This is a team built to win TI7, and we already know more-or-less what to expect from them. Arteezy has successfully adapted to playing carry sans-trilane, Sumail is consistently putting out superstar performances, Zai is perfectly suited to this meta, Universe remains the best offlaner in the world, and Cr1t is proving to be a masterful drafter. The question is, what surprises lay in store for them and will they be able to adapt in time?

One thing that is on EG’s side is history. Irrelevant of the players, in the last seven Valve events, EG have finished top four at six of them. EG are a championship team that show up when they need to. Cr1t- and the boys will be hoping to add another trophy to the cabinet. They have the skill, all they need to do is apply it.

Cloud9 (Formerly Team NP) – North American Qualifier

TI7

 

 

 

 

 

 

 

 

 

 

 

Image courtesy of teamliquid.net

Roster:

Position 1 (Carry) – EternaLEnVy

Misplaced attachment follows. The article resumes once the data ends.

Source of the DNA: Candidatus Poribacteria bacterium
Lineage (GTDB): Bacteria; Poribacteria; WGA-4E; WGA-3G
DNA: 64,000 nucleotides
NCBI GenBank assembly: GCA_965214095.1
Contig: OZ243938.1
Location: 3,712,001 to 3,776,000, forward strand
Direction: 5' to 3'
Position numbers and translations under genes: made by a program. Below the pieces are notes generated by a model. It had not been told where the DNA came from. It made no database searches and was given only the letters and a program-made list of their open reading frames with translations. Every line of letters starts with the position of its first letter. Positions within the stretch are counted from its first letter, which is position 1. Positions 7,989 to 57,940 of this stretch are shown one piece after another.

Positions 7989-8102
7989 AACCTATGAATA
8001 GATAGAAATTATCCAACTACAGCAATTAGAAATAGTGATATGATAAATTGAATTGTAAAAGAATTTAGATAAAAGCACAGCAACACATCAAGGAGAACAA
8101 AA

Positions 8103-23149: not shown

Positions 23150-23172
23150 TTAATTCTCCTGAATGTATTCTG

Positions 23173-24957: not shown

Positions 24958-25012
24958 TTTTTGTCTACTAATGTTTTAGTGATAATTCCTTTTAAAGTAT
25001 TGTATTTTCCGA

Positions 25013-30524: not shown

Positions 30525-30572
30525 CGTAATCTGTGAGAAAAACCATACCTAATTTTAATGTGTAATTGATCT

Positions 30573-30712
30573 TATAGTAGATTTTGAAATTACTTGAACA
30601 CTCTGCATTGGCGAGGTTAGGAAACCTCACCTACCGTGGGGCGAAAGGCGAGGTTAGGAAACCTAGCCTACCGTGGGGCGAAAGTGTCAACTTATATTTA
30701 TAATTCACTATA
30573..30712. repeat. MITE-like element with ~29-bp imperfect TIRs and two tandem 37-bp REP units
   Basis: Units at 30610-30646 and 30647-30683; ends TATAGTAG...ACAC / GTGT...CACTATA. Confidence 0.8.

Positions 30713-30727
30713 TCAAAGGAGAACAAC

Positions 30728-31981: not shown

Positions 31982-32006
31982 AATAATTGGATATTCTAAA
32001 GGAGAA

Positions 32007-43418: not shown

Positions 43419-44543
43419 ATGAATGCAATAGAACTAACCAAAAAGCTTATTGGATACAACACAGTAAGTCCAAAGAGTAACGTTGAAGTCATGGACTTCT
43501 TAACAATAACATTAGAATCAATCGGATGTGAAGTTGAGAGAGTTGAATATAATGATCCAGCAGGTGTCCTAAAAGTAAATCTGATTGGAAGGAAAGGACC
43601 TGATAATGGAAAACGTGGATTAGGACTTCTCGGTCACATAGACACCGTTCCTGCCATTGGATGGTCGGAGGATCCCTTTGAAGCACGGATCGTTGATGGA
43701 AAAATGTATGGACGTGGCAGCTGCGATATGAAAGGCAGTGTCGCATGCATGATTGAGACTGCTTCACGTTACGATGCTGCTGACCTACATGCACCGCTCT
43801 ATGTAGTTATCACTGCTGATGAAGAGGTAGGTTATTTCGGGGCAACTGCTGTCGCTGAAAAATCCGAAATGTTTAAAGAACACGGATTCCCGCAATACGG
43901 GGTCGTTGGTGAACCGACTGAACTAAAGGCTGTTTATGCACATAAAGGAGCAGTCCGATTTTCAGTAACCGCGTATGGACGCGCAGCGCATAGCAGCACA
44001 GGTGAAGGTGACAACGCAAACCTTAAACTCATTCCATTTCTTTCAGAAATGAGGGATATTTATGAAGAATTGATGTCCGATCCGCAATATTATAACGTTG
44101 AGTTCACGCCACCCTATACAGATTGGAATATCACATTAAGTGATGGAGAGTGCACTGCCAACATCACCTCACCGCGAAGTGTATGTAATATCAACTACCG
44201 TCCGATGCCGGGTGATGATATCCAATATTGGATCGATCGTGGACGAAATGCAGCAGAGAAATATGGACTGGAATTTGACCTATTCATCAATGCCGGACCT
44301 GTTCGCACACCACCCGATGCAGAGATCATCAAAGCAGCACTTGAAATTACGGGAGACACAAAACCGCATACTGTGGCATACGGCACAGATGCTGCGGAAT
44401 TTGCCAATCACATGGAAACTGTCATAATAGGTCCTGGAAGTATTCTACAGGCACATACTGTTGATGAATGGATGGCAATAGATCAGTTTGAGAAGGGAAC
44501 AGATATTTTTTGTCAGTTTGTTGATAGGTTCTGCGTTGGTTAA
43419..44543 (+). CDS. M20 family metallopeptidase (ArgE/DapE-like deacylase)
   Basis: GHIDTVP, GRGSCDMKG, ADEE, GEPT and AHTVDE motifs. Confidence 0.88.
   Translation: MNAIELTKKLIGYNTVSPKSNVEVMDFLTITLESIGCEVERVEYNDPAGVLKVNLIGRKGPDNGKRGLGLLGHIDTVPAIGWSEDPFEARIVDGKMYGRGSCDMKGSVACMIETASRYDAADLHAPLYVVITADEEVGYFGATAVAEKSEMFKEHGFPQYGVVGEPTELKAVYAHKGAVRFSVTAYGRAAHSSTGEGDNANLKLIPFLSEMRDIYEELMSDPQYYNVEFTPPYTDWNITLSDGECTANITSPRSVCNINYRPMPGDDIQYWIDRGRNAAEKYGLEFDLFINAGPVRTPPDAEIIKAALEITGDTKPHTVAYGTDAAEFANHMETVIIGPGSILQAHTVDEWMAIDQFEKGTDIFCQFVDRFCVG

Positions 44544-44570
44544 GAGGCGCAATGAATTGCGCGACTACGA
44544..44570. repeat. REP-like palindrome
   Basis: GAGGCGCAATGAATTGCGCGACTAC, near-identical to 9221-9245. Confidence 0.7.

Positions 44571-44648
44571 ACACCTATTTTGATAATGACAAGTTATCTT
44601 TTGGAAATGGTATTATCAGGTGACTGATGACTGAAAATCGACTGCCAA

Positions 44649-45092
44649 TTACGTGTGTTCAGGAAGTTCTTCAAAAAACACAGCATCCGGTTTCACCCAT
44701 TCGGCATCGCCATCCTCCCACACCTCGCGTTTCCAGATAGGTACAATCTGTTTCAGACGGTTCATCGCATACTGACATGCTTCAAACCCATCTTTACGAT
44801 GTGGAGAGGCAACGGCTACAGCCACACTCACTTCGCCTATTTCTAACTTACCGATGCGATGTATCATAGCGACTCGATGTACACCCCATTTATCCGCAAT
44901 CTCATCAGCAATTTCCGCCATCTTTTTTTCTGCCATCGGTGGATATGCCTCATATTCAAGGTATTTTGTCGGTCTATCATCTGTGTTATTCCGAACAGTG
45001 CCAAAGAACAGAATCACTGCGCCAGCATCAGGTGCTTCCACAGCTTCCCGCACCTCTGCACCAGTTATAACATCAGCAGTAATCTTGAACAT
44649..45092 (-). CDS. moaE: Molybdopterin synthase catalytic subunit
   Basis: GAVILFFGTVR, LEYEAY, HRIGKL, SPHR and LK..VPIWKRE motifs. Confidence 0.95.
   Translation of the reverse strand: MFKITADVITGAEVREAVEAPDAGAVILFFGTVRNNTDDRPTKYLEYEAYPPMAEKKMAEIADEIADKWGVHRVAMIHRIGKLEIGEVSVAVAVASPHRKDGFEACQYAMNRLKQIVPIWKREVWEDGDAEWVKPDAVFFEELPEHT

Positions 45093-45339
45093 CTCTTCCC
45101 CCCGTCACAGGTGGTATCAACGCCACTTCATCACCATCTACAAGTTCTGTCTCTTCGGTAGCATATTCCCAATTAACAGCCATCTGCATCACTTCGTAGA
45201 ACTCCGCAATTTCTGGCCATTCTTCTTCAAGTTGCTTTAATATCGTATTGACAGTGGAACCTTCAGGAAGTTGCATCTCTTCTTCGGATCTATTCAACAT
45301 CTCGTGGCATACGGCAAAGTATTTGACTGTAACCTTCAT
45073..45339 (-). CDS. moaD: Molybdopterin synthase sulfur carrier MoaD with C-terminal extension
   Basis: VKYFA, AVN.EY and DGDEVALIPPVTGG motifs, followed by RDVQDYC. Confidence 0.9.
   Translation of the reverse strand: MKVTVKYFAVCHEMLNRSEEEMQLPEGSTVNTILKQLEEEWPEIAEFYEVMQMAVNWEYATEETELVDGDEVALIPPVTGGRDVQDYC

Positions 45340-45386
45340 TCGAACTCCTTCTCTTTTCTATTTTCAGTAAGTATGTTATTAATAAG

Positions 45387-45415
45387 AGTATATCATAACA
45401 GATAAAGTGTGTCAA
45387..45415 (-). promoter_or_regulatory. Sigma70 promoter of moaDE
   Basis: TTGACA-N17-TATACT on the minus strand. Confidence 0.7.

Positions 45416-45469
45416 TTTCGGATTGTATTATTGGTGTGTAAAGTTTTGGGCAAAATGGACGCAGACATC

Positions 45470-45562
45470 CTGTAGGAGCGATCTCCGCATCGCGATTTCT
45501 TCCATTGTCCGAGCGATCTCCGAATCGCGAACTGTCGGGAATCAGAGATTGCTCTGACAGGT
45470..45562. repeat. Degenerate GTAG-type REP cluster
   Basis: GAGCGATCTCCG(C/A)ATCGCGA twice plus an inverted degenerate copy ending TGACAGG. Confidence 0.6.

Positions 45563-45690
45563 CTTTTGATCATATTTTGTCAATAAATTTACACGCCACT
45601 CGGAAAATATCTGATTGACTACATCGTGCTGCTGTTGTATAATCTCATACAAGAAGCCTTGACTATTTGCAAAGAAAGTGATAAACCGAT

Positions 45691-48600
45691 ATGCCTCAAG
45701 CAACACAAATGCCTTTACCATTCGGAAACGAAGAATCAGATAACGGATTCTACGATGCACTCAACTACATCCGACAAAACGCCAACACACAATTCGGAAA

Position 2 (Mid) – FATA-

Position 3 (Offlane) – MSS

Position 4 (Support) – Aui_2000

Position 5 (Support) – pieliedie

If you have been living under a rock in the last month, the above picture will confuse you. Cloud9 have picked up team NP for their trip to The International. In what some are calling the most elaborate kick of all time— Eternal Envy has essentially recreated their 2014 lineup with MSS instead of Bone7. Joining them as a coach will be the brains behind Team Freedom, Stan_King. Hopefully he is able to help them step up their game and keep them in the running as long as possible, because there are few things more entertaining than watching Eternal Envy play.